Dennis Yu is co-author of the #1 best selling book on Amazon in social media, The Definitive Guide to TikTok Ads. He has spent a billion dollars on Facebook ads across his agencies and agencies he advises. Mr. Yu is the "million jobs" guy-- on a mission to create one million jobs via hands-on social media training, partnering with universities and professional organizations. You can find him quoted in major publications and on television such as CNN, the Wall Street Journal, Washington Post, NPR, and LA Times. Clients have included Nike, Red Bull, the Golden State Warriors, Ashley Furniture, Quiznos-- down to local service businesses like real estate agents and dentists. He's spoken at over 750 conferences in 20 countries, having flown over 6 million miles in the last 30 years to train up young adults and business owners. He speaks for free as long as the organization believes in the job-creation mission and covers business class travel. You can find him hiking tall mountains, eating chicken wings, and taking Kaqun oxygen baths-- likely in a city near you.
I'm a member of Blitzmetrics Academy and a friend of Dennis to boot. Not only is Dennis highly intelligent and full of great and creative ideas, he's also incredibly generous with both his knowledge and his time. Success couldn't come to a better guy. Thank you for all that you do for the world, Dennis! 🙏

Michael Pacheco

Marketer

Thanks 🙏 for being shining light in this industry. Love what your building for works overseas too network for jobs so innovative. Dennis helped me navigate having bad experiences with marketing agencies and doing dollar a day marketing which has helped my personal brand tremendously. Highly recommend.

Eric Skeldon

Founder at Kingdom Broker

Working with Dennis has been a delightful experience. After meeting him in 2015 I got to collaborate with him on countless occasions. His understanding for state-of-the-art marketing, his implementation, and his leadership put him into the top 0.01% of marketers and mentors.

Jan Koch

Ihr kompetenter Partner für innovative KI-Strategien.

I had the pleasure of interviewing Dennis for my podcast in 2021 and since then we have maintained a friendship that grows with each interaction. I have seen Dennis' devotion to his friends and clients firsthand, and our conversations often result in us talking about how we can provide more value to the people around us. He is someone whom I can ask questions on a technical level, and look to on a personal level. If you have any hesitancy about hiring him, get over yourself and do it!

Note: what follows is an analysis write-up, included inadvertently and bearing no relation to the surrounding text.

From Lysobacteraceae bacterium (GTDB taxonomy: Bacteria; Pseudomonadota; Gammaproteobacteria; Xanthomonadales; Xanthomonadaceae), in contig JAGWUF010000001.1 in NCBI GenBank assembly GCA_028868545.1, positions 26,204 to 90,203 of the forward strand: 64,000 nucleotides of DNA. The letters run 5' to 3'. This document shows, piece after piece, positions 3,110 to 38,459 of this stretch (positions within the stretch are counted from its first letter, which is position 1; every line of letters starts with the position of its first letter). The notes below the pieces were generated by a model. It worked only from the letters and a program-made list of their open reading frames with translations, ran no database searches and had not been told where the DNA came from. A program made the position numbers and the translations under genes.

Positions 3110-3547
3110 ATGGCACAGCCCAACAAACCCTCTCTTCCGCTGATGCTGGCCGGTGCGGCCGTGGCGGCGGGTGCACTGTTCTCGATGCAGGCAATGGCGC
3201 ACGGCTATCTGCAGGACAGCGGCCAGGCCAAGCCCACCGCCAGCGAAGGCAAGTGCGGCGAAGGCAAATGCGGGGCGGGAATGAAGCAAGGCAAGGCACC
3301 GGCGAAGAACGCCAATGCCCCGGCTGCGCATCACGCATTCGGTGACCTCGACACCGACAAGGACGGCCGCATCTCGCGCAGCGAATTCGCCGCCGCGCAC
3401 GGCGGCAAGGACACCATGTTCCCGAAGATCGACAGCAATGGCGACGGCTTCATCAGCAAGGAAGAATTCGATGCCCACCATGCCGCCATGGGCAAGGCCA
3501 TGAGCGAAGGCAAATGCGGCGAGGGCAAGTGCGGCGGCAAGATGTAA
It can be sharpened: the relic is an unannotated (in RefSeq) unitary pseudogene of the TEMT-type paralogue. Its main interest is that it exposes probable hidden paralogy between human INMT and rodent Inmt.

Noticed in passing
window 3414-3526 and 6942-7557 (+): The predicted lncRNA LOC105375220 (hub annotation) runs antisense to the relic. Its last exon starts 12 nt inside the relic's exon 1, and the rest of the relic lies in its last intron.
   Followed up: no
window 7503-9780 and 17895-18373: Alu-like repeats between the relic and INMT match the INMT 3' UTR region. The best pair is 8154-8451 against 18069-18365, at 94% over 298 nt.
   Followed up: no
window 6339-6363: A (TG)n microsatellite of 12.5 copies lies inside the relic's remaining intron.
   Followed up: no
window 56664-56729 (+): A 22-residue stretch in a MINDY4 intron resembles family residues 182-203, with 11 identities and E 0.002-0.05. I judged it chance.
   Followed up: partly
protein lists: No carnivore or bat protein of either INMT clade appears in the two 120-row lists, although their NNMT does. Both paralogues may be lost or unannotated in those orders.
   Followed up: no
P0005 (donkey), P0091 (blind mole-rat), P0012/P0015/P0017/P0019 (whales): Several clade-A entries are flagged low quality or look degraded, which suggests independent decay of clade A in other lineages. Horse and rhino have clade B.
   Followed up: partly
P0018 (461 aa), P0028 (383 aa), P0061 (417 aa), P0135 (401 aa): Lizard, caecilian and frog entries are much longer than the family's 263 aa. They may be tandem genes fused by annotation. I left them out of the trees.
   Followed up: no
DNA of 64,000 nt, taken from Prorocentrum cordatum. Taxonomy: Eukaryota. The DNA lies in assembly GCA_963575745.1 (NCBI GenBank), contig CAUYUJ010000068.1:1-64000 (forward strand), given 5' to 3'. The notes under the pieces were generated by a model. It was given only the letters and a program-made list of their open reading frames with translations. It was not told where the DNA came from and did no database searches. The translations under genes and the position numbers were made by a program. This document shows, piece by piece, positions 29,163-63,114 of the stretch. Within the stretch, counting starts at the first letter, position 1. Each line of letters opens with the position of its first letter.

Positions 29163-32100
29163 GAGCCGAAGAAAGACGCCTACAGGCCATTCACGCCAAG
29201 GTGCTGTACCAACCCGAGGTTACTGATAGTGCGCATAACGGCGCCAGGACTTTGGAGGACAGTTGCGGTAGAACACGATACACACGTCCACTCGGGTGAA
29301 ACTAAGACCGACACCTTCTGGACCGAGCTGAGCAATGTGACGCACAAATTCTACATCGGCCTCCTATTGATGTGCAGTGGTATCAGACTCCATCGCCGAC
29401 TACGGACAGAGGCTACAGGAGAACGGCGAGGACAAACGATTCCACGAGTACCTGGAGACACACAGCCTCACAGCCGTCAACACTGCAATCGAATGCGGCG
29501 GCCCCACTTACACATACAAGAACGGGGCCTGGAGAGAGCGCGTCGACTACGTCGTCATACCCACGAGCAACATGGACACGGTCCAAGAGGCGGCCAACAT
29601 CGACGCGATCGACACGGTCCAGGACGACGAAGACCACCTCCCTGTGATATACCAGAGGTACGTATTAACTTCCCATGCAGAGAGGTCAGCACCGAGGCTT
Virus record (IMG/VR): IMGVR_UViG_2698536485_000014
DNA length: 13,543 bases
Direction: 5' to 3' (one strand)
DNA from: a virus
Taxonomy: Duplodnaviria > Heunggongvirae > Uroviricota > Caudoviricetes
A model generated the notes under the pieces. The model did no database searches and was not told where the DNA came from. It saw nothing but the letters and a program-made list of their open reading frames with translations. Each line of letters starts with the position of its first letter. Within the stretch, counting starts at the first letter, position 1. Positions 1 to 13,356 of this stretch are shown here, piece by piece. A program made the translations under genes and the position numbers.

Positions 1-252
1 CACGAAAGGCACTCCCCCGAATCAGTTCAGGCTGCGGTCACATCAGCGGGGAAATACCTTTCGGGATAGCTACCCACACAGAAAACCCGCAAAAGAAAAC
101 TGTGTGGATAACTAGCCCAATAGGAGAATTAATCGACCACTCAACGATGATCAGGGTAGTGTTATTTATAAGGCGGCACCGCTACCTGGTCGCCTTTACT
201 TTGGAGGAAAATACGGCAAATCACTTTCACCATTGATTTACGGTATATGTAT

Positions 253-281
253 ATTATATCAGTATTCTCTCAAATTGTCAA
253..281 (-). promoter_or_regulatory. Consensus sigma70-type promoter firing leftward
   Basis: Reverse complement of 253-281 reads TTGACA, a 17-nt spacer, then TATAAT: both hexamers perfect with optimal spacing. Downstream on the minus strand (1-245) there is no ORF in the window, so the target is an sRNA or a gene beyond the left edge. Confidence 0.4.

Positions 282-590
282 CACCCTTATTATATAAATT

Isaac Mashman

Help scaling personal brands.

Geez, where do I start recommending Dennis? First, he is an absolutely brilliant marketer who understands where marketing is today and where it's going tomorrow. He also has an incredible passion for the International Worker community. The lessons he has taught me from his almost 20 years of experience hiring International Workers have been immense. Most importantly though. Dennis Yu is someone who wants the absolute best for you and is willing to tell you the truth. Dennis sat with me at a point in my business where I was floundering but did not want to admit it. He asked some very straight forward questions to get me to admit my issues, highlighted the issues, and then helped me create a roadmap to success.

Atiba de Souza

International Keynote Speaker | Video Content Superman | Superconnector |

Dennis, which I had the pleasure of working with is one of the most giving, honest and tell you as it is person I ever know. The knowledge this man has is remarkable and he just gives it out freely. He is not pretentious and always entertain anyone big or small in the industry always willing to help. If you ever get a golden opportunity to work with him or mentored by him say YES!. You will notr regret Dennis, which I had the pleasure of working with is one of the most giving, honest and tell you as it is person I ever know. The knowledge this man has is remarkable and he just gives it out freely. He is not pretentious and always entertain anyone big or small in the industry always willing to help. If you ever get a golden opportunity to work with him or mentored by him say YES!. You will not regret

Nixon Lee

The PR Whisperer